Friday, May 24, 2013


So we at jork vs TPTB know that the singing competitions mostly want to create a good show with filler, but with regards to having "marketability for the radio?" Take a peek after the jump for analysis.

And it's easy to predict with the sort of contestants that are cast every year. Obviously, pop has the biggest upside, and then country. But country is so male-dominated and frankly oversaturated by the Voice and Idol continually churning out these contestants every year. Let's compare XFUS2, AI12, and The Voice 4 contestants for reference of where I think each contestant is pigeonholed:

[1]Tate Stevens--country. Again, over-saturation and the fact that he was in a pop-oriented show led to his flop.
[2]Carly Rose--based on her run, adult contemporary. Not even HAC. Which is why she wasn't promoted.
[3]Fifth Harmony--pop, possibly rhythmic. Huge potential audience there.
[4]Emblem3--pop, possibly alternative. Good sized audience there
[5]Diamond White--adult contemporary run, but looks like she can re-invent herself into urban and rhythmic in the future
[6]CeCe Frey--pop. Has a pretty rabid twitter fanbase but they opted not to promote her
[7]Vino Alan--adult contemporary or alternative. Limited upside.
[8]Paige Thomas--pop, possibly rhythmic and urban with the potential Cash Money stuff. There's a huge potential audience but probably too generic and too far down the ladder for investment.
[9]Beatrice Miller--there was some Avril Lavigne type stuff there, so I'd say she might have HAC potential if she plays her cards right in the future.
[10]Arin Ray--Definitely was going the pop/rhythmic/urban route with his run. Potential for sure, but too far down the ladder to promote.
[11]Jennel Garcia--Identity crisis as an old fashioned Joan Jett really destroyed whatever potential. Seemed pop though and maybe a tinge of the Latin market? Who knows
[12]Lyric145--Yeah, this one should have been marketed specifically to urban, and with sick beats, they might have taken it a step up to rhythmic. As usual with rap types with good collaborations with well known pop types they could have pop potential, so there's a variety of avenues to work with. More than adult contemporary types, at least.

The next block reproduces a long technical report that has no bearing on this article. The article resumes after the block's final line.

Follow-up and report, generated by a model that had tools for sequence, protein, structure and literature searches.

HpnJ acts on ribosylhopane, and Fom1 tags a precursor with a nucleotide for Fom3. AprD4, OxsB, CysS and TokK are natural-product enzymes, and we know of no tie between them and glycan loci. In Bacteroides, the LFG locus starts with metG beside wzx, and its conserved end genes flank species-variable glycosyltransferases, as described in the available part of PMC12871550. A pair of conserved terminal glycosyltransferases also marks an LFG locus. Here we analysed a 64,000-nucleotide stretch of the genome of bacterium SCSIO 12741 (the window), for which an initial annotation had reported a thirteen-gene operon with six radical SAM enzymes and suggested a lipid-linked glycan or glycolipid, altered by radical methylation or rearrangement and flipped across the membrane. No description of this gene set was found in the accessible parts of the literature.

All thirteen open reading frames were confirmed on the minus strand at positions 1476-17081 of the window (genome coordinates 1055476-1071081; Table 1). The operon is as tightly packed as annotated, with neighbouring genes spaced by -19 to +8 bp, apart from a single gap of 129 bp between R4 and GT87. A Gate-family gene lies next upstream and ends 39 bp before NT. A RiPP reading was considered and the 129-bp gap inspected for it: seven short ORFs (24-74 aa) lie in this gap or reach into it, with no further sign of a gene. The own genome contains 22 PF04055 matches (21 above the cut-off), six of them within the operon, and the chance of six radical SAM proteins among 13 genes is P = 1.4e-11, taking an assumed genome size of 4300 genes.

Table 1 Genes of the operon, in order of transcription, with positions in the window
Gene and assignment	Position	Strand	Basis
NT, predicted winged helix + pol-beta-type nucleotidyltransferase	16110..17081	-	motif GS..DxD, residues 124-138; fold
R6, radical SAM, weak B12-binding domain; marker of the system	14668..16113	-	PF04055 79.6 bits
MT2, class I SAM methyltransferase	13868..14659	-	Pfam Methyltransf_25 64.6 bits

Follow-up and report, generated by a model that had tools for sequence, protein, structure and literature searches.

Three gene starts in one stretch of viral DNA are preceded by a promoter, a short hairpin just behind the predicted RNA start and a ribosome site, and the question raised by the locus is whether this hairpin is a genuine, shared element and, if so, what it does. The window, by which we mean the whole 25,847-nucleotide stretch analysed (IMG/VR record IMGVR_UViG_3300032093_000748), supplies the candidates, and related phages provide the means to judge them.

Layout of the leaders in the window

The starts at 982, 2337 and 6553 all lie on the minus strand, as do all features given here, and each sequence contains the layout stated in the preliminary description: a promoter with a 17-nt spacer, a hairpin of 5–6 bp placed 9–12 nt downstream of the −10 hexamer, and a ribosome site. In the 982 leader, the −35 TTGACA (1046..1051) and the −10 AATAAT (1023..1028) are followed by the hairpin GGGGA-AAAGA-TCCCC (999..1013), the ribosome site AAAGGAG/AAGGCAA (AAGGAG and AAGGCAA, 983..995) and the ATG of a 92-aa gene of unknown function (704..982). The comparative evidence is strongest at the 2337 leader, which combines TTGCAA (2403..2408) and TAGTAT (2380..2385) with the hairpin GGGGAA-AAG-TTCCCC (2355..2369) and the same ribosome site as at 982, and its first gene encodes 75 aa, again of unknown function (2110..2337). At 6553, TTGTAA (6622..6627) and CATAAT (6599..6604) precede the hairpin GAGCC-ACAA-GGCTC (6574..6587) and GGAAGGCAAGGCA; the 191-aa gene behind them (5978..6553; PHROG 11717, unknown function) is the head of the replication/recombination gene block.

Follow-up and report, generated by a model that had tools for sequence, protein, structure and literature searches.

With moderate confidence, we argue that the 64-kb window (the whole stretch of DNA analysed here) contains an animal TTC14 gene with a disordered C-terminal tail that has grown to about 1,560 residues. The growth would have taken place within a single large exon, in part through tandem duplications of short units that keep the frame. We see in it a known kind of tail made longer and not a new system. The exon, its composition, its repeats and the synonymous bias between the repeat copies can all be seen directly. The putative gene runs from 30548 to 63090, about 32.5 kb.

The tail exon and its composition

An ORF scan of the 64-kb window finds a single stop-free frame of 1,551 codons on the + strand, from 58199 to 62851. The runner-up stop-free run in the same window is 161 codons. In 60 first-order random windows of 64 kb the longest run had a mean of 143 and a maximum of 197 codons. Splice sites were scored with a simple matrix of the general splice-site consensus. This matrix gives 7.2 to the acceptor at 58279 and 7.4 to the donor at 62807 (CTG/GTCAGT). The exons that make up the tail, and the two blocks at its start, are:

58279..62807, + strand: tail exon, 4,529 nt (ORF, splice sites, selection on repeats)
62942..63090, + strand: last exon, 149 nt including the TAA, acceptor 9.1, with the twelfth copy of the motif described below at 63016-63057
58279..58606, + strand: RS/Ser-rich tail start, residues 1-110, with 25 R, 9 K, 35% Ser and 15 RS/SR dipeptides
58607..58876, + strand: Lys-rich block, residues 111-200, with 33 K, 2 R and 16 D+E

[13]Jason Brock--AC was the only upside. Tried some dance stuff but I doubt rhythmic likes what he did on the show. Limited upside.

[1]Candice Glover--The way she represented herself on the show screams urban adult contemporary (UAC) all the way. They love old school sounds with great singing, more or less. However, the rest of radio doesn't, so there's limited crossover appeal. And this is the problem: UAC has the third-lowest audience reach of all the major radio genres. As mentioned, the type of artists that go there are incredibly niche--Jaheim, Avant, they just stick there with no movement to other charts. Fantasia however has crafted a career just doing stuff mostly on UAC so it could work, but most people never hear her--she just has a lot of urban adult contemporary lovers and no one else. That's why Candice has very limited upside here, base on how she presented herself. And if she tries to deviate from that--a la Jessica Sanchez--well, good luck with the identity crisis and all that.
[2]Kree Harrison--Female and country. Not a good combination. Sure, Miranda Lambert and Carrie have bucked the trend, but that's the high end of aspirations there. She has her friend Kacey but she's only 32nd on that chart, so it's pretty middling overall there. We haven't heard much from Idol's past several country girls--Skylar and Lauren--but granted, they were on the younger side. I'd say very middling upside at best here.
[3]Angie Miller--She had the most current run on the show (not saying too much given how old the season was, but still) and really really seems to want to do pop between the Jessie J/Lambert stuff at the end, but face it, she wasn't churned out by Disney nor does she pull the weight of a Rihanna, P!nk, Timberlake or a Macklemore, so that's a no go. Her style really seems like HAC at best with the Christina Perri type sound, and possibly Christian. Based on the sound, she's really having a middling upside of HAC and Christian, likely. There could be unrealistic expectations at work here.
[4]Amber Holcomb--This one had the greatest ability to reach a pop audience just by the looks alone, but her run was so incredibly old fashioned it screamed UAC. But then again, UAC loves their mature, older types, so I don't think she'd fit there. I'd say Idol might have ruined her chances by giving her an identity crisis--looks pop, sounds UAC, at the end, neither plays her. Not that she'll get promotion, but she possibly had the most potential in the bunch. Likely just tried out for the wrong show.
[5]Janelle Arthur--Female and country. Middling upside by default, but less than Kree given she's down the ladder. Also, it hurts that likely they won't promote two of the same type in one season, so she might get the shaft.
[6]Lazaro Arbos--That was a completely adult contemporary run. Maybe some Latino stuff, but clearly very limited, if any, upside.
[7]Burnell Taylor--Yeah, remember we thought he was more current than Ledet/Lusk? Slightly true, but John Legend spent a huge chunk of his career at UAC, and that's the upside he's looking at. Little swag to move up the urban/rhythmic ladder, so he's got limited upside